The act of affirming your loved one(s) reduces potential for future regret. Affirming another individual is a reminder of how precious our days are. They are numbered. Expressing affirmation to others may not be your thing. But hey, this is not about you. This is about them. Do this for them. The only element you need is to be genuine. Taking the time to pause, reflect, and comment on how your loved one enriches the lives of others (and you) is a priceless form of expression that all of us needs.

Our Affirmation Journal

*C3 is my “sign name” in the Deaf community and it is what I prefer to be called.

Christmas Week in the Republica Dominicana

The night Maya and I, and seven others in my family, arrived to Republica Dominicana, my brother Seppi asked for our attention. As he stood behind two rocking chairs on the porch, he lifted his hands. Now, before I continue, let me tell you one thing about Seppi. He lives for humor. Even on the grimmest of topics, Seppi thinks quick on his feet and finds a way to lighten the mood. With this ability, Seppi humorously signed a modified phrase known to have been said by Brett Kavanaugh.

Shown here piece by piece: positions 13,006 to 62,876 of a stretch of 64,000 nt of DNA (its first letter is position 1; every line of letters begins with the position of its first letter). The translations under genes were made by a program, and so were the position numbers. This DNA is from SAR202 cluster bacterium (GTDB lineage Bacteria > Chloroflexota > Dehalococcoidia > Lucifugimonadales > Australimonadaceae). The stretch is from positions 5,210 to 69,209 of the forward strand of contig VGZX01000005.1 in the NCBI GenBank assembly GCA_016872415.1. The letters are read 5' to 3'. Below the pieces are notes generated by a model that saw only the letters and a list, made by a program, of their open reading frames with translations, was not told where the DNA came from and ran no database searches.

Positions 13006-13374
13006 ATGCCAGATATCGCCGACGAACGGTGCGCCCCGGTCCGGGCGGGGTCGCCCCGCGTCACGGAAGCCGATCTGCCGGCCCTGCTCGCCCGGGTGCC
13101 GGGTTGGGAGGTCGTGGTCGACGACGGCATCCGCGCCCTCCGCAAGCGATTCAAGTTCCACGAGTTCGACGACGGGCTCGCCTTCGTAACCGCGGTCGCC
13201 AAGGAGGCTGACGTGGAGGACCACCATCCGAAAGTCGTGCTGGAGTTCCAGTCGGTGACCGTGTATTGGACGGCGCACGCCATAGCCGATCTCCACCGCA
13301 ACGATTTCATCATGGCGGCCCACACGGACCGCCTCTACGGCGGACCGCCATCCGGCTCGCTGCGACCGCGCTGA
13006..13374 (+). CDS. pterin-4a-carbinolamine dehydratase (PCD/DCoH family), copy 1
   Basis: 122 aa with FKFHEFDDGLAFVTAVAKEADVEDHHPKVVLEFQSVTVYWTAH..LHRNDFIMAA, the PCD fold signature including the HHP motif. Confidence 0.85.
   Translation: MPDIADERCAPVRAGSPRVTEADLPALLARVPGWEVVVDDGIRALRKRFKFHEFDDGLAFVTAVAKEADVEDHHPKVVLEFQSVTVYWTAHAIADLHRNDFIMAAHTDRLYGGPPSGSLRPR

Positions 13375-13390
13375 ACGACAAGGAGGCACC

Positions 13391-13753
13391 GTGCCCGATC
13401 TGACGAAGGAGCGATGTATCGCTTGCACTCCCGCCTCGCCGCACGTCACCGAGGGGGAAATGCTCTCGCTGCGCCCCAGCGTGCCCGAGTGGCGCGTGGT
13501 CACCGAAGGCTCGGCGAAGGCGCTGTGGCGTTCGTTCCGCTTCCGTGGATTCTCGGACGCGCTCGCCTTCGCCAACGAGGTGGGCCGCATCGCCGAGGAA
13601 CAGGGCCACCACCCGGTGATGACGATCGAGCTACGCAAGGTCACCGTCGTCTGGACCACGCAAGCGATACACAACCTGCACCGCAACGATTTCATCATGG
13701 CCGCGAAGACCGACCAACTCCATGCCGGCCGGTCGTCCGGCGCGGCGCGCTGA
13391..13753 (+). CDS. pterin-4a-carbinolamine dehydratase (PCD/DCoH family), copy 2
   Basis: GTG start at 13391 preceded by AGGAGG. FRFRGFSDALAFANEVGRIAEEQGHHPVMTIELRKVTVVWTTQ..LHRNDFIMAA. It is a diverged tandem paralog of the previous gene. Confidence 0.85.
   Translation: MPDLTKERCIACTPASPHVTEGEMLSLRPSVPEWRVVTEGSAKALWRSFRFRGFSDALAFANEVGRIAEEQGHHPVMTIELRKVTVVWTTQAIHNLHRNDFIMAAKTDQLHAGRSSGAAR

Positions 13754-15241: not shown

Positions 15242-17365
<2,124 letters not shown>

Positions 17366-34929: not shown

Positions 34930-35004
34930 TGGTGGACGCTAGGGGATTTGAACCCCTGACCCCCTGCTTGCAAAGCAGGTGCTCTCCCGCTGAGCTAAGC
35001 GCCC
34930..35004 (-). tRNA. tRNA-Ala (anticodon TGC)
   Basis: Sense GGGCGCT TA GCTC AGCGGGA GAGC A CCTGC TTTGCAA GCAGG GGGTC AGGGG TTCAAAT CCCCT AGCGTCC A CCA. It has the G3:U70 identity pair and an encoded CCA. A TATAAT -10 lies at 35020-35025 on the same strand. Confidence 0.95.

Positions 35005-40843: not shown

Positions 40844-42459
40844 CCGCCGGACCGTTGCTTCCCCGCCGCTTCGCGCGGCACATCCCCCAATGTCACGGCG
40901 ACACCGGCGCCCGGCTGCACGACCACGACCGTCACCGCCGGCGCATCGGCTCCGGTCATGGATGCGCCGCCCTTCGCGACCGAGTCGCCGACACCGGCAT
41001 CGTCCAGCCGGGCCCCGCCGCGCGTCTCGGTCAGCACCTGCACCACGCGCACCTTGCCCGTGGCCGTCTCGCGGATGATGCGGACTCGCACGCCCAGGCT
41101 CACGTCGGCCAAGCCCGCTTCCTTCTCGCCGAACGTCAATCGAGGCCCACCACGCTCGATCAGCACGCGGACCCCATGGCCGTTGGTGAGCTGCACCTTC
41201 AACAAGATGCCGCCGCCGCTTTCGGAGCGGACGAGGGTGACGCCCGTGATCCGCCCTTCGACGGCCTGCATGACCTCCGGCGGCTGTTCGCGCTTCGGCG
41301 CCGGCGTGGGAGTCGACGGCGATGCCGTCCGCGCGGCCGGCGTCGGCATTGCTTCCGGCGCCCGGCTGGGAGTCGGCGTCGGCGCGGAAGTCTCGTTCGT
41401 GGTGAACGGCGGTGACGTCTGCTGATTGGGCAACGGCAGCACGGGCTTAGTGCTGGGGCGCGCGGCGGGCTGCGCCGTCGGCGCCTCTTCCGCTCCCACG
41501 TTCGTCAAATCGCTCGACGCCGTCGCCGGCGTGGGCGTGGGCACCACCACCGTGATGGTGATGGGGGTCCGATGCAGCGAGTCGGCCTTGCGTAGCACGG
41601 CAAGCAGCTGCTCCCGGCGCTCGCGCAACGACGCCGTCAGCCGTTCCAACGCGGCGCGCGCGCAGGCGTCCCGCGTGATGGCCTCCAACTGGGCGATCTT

I like beer. You like beer? Girls like beer. Boys like beer. Yes, we drank beer. I still like beer. We drink beer.

Another thing to know about Seppi is that he has not acquired the ability to communicate in sign language until this fall. While Seppi was signing, Maya and I were taken by such sweet surprise. Seppi continued.

I have been taking an American Sign Language beginners course at WPSD (Western Pennsylvania School for the Deaf).

By then, rosy-cheeked, I was struck in a trance of… relief. I didn’t pay attention to his signing anymore because I was overwhelmed with emotion. My brother, who was my closest companion growing up, was communicating in a language that has become central to my life as a Deaf individual. Better yet, he was signing in a language that is native to my fiance. Having once known just a few words in sign language, Seppi is now able to communicate on his own with Maya, meeting her where she is at by using her language.

With the way Seppi kicked off our international vacation, I definitely couldn’t wait for the week together to commence.